Despite the fact that autism is quite common, there is no known cause for autism, and questions still remain regarding best treatment methods. And studies have shown that diet does not really address behavioral issues or other primary symptoms.
However, if you notice that your child’s symptoms get worse when consuming certain foods, talk to your pediatrician or dietitian. They may recommend an elimination diet to see if removing certain foods from their diet helps.
7 foods to potentially avoid with autism
It’s important to note that while these foods have been reported to have the potential to make autism symptoms worse, there is no conclusive research or evidence to support these claims.
- Sugar: Since children with autism may show signs of hyperactivity, it may be best to avoid sugar to maintain balanced sugar levels.
- Monosodium glutamate (MSG): Similar to sugar, MSG can cause overstimulation in the brain, leading to hyperactivity.
- Artificial ingredients: Avoid foods with artificial dyes, artificial flavors, additives, and preservatives, as some studies have shown potential links between autism and ingredients found in processed foods.
- Toxins: Avoid large fish that contain mercury, which is an immunotoxin that can impair the immune system. Avoid meat and dairy products that contain toxins such as polychlorinated biphenyls (PCBs), dioxins, pesticides, brominated flame retardants, and perfluorinated chemicals (PFCs).
- Dairy products: Dairy is pro-inflammatory, which can impair immune function. Some people have also experienced brain fog and the inability to concentrate when consuming dairy products.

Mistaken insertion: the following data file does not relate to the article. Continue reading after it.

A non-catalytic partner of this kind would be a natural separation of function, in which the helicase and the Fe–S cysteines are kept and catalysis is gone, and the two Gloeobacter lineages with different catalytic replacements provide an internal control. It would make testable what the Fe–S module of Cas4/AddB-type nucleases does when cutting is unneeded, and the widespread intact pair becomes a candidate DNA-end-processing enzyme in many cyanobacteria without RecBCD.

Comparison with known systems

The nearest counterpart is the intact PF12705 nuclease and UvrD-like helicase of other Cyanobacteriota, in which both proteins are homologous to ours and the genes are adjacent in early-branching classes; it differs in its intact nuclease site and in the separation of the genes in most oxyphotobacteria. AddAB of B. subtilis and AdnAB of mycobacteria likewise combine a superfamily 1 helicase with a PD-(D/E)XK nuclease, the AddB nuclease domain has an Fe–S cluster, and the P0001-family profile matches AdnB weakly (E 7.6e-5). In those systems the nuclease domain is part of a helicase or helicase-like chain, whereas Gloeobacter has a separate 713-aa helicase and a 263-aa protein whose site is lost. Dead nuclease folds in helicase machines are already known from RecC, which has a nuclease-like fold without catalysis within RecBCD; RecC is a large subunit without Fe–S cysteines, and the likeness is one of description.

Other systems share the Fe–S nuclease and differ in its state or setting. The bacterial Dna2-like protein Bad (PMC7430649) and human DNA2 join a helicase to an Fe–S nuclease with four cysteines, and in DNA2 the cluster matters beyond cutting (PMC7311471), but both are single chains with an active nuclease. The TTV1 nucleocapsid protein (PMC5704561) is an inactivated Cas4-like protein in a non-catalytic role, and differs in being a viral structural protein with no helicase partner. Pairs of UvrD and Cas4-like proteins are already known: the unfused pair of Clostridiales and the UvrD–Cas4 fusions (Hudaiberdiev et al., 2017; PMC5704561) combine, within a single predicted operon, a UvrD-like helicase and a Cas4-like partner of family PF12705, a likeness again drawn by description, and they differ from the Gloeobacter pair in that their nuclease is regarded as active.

- Gluten: Gluten may cause inflammation and decrease cerebellum function, which is involved with motor and thought coordination.
- Corn: According to the USDA, corn has been the foremost crop in the U.S. that uses pesticides. A 2013 study has suggested that there is a potential link between exposure to the herbicide glyphosate and autism risk.
What are risk factors for autism?
Risk factors for autism may include:
- Genetics: Various genetic factors appear to be involved in the disorder, although the genes themselves rarely directly cause the condition. Rather, some genetic variations may predispose the child to become sensitive to the increasing environmental stressors associated with modern life and leave them ill-equipped to respond.
- Environmental stressors: Research is underway to explore whether viral infections or exposure to environmental pollutants are linked to autism.
- Medications: Increased use of medications such as antibiotics and acetaminophen can cause negative changes to gut flora and oxidative stress, especially in the developing brains of young infants.
- Fertility treatments: Studies have shown that there is some correlation between autism and certain fertility treatments, such as in vitro fertilization (IVF).
- Prematurity: Extremely premature babies may be at greater risk of developing the disorder.
- Advanced age of parents: More research is needed regarding this, but there may be a link between autism and babies who are born to older parents.
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Augustyn M, von Hahn E. Autism Spectrum Disorder: Evaluation and Diagnosis. UpToDate. https://www.uptodate.com/contents/autism-spectrum-disorder-evaluation-and-diagnosis